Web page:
BOSTON (AP) _ A commuter train rammed into the back of another train letting off passengers at the large Back Bay Station during the morning rush-hour, injuring 35 riders, six of them seriously, officials said.
One train was discharging passengers at the platform when the other plowed into it at about 8:30 a.m., said city Fire Commissioner Leo Stapleton. Most of the injured passengers were aboard the first train, he added.
Massachusetts Bay Transportation Authority officials said an estimated 1,500 people were on both trains.
Deputy Fire Chief James Cosgrove said it took 90 minutes to clear everyone from the two trains and the darkened tunnel.
Stapleton said the accident occurred when one nine-car car train, coming from the southern end of the state, was struck by a seven-car train. He said the extent of injuries probably was reduced because the last car in the train at a standstill was the engine.
Inside the station, full of rescue workers from hospitals and police and fire departments, victims covered with brown wool blankets were being carried out on stretchers.
Dr. Peter Moyer, head of the city’s emergency medical services, said none of the injuries were life threatening and the most serious apparently consisted of broken bones.
He said two conductors from the trains suffered broken legs and one of them also had a broken arm.
The train that was hit was listing toward the platform, dripping snow and ice onto the ground.
Passengers aboard the train said they had to walk through a dark and smoky tunnel to the station after the accident.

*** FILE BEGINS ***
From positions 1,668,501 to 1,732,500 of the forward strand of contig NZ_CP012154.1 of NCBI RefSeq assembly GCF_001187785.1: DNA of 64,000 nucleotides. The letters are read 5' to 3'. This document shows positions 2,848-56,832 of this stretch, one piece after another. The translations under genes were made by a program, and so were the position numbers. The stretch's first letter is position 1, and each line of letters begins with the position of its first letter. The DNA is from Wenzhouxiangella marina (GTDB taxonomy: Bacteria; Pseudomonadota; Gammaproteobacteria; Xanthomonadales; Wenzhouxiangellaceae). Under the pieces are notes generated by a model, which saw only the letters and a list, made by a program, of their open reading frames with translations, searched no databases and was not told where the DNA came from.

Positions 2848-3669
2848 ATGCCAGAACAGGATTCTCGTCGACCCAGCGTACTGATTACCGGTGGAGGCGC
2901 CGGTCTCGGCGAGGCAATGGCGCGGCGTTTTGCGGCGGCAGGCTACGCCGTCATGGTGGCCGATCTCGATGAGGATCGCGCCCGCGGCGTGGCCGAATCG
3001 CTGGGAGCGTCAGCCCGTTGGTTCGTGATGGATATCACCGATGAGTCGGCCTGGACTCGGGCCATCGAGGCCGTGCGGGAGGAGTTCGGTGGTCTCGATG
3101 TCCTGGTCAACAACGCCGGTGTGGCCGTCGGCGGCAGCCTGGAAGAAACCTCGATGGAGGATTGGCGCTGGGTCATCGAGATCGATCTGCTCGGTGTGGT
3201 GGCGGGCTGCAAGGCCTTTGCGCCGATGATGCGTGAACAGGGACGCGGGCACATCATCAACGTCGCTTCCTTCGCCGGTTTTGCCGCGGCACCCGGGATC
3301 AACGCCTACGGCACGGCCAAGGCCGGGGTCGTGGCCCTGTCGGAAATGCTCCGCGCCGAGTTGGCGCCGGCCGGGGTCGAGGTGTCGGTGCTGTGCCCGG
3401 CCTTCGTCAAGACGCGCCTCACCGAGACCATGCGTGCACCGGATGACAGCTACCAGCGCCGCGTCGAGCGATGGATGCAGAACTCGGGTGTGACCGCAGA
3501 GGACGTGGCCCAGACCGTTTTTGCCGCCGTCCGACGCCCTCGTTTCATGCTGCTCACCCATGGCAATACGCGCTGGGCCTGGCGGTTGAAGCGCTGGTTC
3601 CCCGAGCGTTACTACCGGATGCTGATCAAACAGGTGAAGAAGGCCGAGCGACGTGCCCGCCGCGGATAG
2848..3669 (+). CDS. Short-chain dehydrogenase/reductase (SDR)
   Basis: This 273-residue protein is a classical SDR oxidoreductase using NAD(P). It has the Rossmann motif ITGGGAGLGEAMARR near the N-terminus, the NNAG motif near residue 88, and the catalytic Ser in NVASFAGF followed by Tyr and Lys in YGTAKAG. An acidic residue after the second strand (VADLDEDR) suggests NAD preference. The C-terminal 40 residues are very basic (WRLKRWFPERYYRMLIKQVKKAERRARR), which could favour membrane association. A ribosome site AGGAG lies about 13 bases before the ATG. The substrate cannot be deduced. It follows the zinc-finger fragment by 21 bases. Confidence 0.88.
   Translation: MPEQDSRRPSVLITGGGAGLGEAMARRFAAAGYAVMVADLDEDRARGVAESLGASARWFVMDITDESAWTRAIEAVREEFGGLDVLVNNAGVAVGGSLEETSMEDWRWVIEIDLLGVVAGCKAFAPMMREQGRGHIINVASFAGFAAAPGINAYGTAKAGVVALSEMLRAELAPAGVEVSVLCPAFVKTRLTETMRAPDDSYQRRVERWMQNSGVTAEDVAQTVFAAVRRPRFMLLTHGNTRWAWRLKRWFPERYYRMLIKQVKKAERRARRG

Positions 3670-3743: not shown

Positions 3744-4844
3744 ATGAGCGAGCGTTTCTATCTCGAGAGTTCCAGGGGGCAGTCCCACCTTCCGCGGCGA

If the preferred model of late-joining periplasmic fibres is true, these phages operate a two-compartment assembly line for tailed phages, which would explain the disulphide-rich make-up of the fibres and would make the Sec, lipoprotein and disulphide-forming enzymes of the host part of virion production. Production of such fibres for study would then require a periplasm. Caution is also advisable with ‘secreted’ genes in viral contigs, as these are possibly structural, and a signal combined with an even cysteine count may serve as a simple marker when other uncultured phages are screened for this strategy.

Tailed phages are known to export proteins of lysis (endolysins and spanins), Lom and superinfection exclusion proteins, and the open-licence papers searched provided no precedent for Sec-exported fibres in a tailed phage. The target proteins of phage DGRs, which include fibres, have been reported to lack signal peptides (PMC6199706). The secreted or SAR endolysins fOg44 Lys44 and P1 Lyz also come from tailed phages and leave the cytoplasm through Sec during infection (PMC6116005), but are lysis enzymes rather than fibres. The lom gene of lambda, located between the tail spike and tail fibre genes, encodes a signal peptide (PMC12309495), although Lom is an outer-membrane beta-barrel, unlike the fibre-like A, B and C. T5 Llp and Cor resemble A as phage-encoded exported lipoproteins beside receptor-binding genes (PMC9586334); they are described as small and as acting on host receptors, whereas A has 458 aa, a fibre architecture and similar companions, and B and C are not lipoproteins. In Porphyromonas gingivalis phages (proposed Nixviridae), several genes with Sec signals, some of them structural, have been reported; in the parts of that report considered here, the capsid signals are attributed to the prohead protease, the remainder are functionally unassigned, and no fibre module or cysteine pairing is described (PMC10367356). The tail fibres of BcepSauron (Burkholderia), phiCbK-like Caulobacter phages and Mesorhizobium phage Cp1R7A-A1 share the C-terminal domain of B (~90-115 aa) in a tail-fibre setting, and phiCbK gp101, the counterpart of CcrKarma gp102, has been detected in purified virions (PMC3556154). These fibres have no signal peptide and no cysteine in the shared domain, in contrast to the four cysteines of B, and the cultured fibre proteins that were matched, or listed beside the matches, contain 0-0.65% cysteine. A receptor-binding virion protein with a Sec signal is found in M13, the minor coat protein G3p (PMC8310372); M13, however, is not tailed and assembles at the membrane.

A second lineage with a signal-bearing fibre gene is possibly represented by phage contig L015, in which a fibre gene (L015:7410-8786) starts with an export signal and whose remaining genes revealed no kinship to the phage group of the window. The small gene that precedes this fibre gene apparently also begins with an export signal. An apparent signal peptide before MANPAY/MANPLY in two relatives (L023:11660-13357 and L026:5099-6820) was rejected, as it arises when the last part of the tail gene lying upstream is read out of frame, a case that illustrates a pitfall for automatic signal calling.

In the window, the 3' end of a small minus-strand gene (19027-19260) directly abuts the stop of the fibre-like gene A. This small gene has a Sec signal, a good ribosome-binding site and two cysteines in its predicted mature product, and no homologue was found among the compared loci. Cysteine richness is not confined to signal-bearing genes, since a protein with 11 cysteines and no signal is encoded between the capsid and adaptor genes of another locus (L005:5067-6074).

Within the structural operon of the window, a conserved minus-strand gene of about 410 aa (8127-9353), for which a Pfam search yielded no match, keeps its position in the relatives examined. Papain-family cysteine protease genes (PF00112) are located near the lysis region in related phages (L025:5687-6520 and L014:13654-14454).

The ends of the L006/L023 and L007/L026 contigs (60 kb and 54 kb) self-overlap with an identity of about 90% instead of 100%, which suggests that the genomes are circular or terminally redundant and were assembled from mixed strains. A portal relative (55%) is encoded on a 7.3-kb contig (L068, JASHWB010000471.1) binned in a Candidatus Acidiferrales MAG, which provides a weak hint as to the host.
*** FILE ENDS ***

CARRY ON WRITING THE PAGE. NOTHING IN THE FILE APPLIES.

″Everyone started falling and everything went black,″ said one passenger, Geri Hansen of Canton.
″I was scared; there was a lot of smoke ... especially in the tunnel you didn’t know where you were,″ said a relative, Mike Hansen.
Boston City Hospital spokesman Bill Markley said 13 people were brought to the hospital’s emergency room. One was in serious condition with trauma and other unspecified injuries; the others have minor injuries, such as scratches and bruises, he said.
MBTA spokesman Timothy Gens said other passengers were being taken to local hospitals for observation and treatment.
Ambulances and other rescue equipment rushing to the scene were hampered by streets and sidewalks covered with snow in the city’s first major snowstorm.
Betsy Albaugh said she entered the station shortly after the accident and ″everybody was just walking around dazed.″
″Everyone was kind of confused. There was a lot of smoke ... people were dazed,″ she said.
Stapleton said the National Transportation Safety Board would investigate the accident.